The two most common comorbidities that are associated with idiopathic pulmonary fibrosis (IPF) are emphysema and pulmonary hypertension (PH). Both worsen the prognosis of IPF. Furthermore, in one third of patients a combination of pulmonary fibrosis and emphysema (CPFE) exists. These comorbidities in IPF are a major challenge for physicians.
Which cell type drives the pathogenesis of IPF? Most would answer the fibroblasts, but many other cell types are also involved. The sequential lung injury that occurs in IPF is very heterogeneous in a spatiotemporal respect.
During his lecture about the cellular and molecular basis of IPF, Oliver Eickelberg (Munich, Germany) mentioned a ‘landmark paper’ (MW Parker e.a. J Clin Invest. 2014;124:1622-35.). This publication describes the activation of a profibrotic positive feedback loop by the fibrobrotic extracellular matrix.
‘The most important article’
The pathogenesis of IPF is characterized by very specific changes in genetic and genomic information. Changes in MUC5B mRNA and protein expression alter innate immunity and macrophage function in IPF. The most important article about IPF, according to Eickelberg, is a New England Journal of Medicine (NEJM) publication regarding the association of a common MUC5B promotor polymorphism and pulmonary fibrosis (Seibold MA et al. N Engl J Med. 2011;364:1503-12.). Eickelberg recommended that genetic screening is performed in all clinical and experimental studies to address the contribution of identified genotypes to IPF disease progression and response to therapy.
The next lecture, given by Ivana V. Yang (Denver, USA), focused on the genetic, but also on the environmental factors influencing IPF. Cigarette smoking is the main risk factor for the development of IPF, but multiple other environmental factors, such as exposure to asbestos, silica, beryllium, tungsten carbide, avian antigens, and molds, are also involved in its pathogenesis. Genes with a high effect size, but low allele frequency, include SPTPC and SPFTA. Common genes with a low effect size include DSP, FAM13A, OBFC1, APT11A and DPP9. TERC and TERT are positioned by Yang in both groups. MUC5B, which was also mentioned by Eickelberg, is quite an exception: it is a common mutation, but has a high effect size.
Emphysema in IPF
Approximately 30% of IPF patients also have emphysema, in a syndrome known as ‘combined pulmonary fibrosis and emphysema’ (CPFE). CPFE is a distinct syndrome with characteristic presentation, which may be overlooked because of subnormal spirometry. However, gas exchange and diffusion capacity are severely altered in CPFE patients. The prognosis is related to the frequent presence of pulmonary hypertension (PH). Vincent Cottin (Lyon, France) stated that the diagnostic criteria for usual interstitial pneumonia (UIP) are less applicable for the diagnosis of CPFE. As compared with centrilobular emphysema, paraseptal emphysema is more frequently associated with a UIP pattern and with a higher extent of fibrosis. However, a variety of pathologic patterns of pulmonary fibrosis have been reported in patients with CPFE. There is no specific treatment for CPFE, partly because of a paucity of specific data. Smoking cessation, bronchodilators, supportive care and oxygen supplementation are recommended. The efficacy of lung transplantation is often limited by comorbidities and age. With respect to drug therapy, anti-fibrotic drugs (pirfenidone and nintedanib) and corticosteroids with or without azathioprine could be considered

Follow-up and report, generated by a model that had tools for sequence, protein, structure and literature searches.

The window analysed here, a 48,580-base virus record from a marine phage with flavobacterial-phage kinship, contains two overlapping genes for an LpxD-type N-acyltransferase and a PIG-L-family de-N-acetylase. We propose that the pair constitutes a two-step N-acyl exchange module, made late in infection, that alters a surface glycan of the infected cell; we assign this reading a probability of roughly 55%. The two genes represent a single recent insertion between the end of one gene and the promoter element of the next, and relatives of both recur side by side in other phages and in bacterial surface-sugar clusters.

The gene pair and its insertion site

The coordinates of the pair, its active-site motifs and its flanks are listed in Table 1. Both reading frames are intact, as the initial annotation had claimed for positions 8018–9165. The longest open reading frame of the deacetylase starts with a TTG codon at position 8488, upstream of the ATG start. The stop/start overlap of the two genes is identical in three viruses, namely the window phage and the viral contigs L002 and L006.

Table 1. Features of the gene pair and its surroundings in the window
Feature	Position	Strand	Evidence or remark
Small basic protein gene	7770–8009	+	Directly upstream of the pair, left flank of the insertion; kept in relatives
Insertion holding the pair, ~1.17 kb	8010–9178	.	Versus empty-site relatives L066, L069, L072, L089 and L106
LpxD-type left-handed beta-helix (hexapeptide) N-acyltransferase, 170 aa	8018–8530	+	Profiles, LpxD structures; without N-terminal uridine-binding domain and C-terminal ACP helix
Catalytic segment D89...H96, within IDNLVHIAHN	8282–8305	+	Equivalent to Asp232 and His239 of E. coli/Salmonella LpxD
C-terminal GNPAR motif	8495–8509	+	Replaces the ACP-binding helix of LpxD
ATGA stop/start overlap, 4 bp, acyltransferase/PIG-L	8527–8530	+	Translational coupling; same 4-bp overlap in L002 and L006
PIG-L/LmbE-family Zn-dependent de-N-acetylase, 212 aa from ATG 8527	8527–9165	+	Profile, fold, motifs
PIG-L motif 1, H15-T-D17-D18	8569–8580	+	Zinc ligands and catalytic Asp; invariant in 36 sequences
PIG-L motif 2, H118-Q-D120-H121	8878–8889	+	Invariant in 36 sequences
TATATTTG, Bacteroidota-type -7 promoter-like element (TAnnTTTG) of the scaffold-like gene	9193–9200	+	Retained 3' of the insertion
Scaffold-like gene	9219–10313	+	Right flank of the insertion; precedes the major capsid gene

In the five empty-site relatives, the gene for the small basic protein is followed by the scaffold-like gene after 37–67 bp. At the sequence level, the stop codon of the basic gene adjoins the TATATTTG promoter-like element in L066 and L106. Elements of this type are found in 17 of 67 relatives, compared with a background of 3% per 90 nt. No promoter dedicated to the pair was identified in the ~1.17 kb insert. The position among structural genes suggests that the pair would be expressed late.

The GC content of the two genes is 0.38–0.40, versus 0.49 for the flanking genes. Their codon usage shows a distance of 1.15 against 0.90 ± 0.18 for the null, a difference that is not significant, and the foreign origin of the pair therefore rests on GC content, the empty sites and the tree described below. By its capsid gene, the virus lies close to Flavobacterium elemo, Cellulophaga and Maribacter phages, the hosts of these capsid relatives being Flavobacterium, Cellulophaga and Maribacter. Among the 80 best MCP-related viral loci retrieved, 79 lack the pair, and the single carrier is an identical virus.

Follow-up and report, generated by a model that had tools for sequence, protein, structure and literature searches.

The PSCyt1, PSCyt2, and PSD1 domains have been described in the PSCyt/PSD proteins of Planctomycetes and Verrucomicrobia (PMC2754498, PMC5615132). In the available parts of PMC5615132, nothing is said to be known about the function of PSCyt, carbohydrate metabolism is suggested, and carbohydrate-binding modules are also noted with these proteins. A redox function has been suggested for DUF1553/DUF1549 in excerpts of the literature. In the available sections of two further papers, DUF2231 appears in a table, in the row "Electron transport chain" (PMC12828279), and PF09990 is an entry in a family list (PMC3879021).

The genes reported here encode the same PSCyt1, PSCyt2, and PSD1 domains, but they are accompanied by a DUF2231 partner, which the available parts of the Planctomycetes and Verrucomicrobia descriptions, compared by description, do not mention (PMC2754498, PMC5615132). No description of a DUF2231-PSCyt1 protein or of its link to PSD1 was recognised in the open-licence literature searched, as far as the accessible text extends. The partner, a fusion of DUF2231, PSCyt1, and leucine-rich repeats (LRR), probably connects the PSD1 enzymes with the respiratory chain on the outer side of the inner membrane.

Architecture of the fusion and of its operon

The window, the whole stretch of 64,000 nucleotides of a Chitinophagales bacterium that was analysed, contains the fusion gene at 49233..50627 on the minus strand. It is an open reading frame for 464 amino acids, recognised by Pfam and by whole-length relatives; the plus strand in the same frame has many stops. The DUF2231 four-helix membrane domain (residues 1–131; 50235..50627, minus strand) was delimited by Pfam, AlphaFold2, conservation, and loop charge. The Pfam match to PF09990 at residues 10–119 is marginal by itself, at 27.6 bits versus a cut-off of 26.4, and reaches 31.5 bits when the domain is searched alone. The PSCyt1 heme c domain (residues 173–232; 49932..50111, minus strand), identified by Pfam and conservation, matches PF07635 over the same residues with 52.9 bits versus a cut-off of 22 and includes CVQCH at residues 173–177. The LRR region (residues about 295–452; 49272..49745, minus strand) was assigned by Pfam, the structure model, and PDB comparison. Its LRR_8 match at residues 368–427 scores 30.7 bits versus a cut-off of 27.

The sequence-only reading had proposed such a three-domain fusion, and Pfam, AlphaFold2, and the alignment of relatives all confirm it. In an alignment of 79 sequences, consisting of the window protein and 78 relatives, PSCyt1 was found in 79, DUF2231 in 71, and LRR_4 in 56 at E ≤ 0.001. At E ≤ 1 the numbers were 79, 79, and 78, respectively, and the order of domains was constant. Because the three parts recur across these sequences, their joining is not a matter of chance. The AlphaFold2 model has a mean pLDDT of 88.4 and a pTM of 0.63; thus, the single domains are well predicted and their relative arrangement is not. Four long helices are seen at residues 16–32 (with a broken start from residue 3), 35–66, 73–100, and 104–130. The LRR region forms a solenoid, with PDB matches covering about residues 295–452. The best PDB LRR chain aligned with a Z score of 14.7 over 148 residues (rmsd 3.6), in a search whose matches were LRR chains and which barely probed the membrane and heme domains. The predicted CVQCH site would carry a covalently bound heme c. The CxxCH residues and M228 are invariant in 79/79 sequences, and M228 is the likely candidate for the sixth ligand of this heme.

Pulmonary hypertension and IPF
Up to 100 million people worldwide are affected by PH. The mean survival rate without therapy is 2-4 years and even less than 3 months in patients with right heart decompensation. Soni Savai Pullamsetti (Bad Nauheim, Germany) talked about the relationship between PH and IPF. Even the presence of borderline PH may have prognostic relevance in IPF. The frequency of PH further increases in the presence of common comorbidities, such as right ventricular diastolic dysfunction and thromboembolism. PH is not influenced by the systemic therapy given in interstitial lung disease (ILD).
Source: Session 240: Complications and comorbidities in idiopathic pulmonary fibrosis. September 4th, 14:45-16:45, Platinum Room 1+2 Oral Presentation.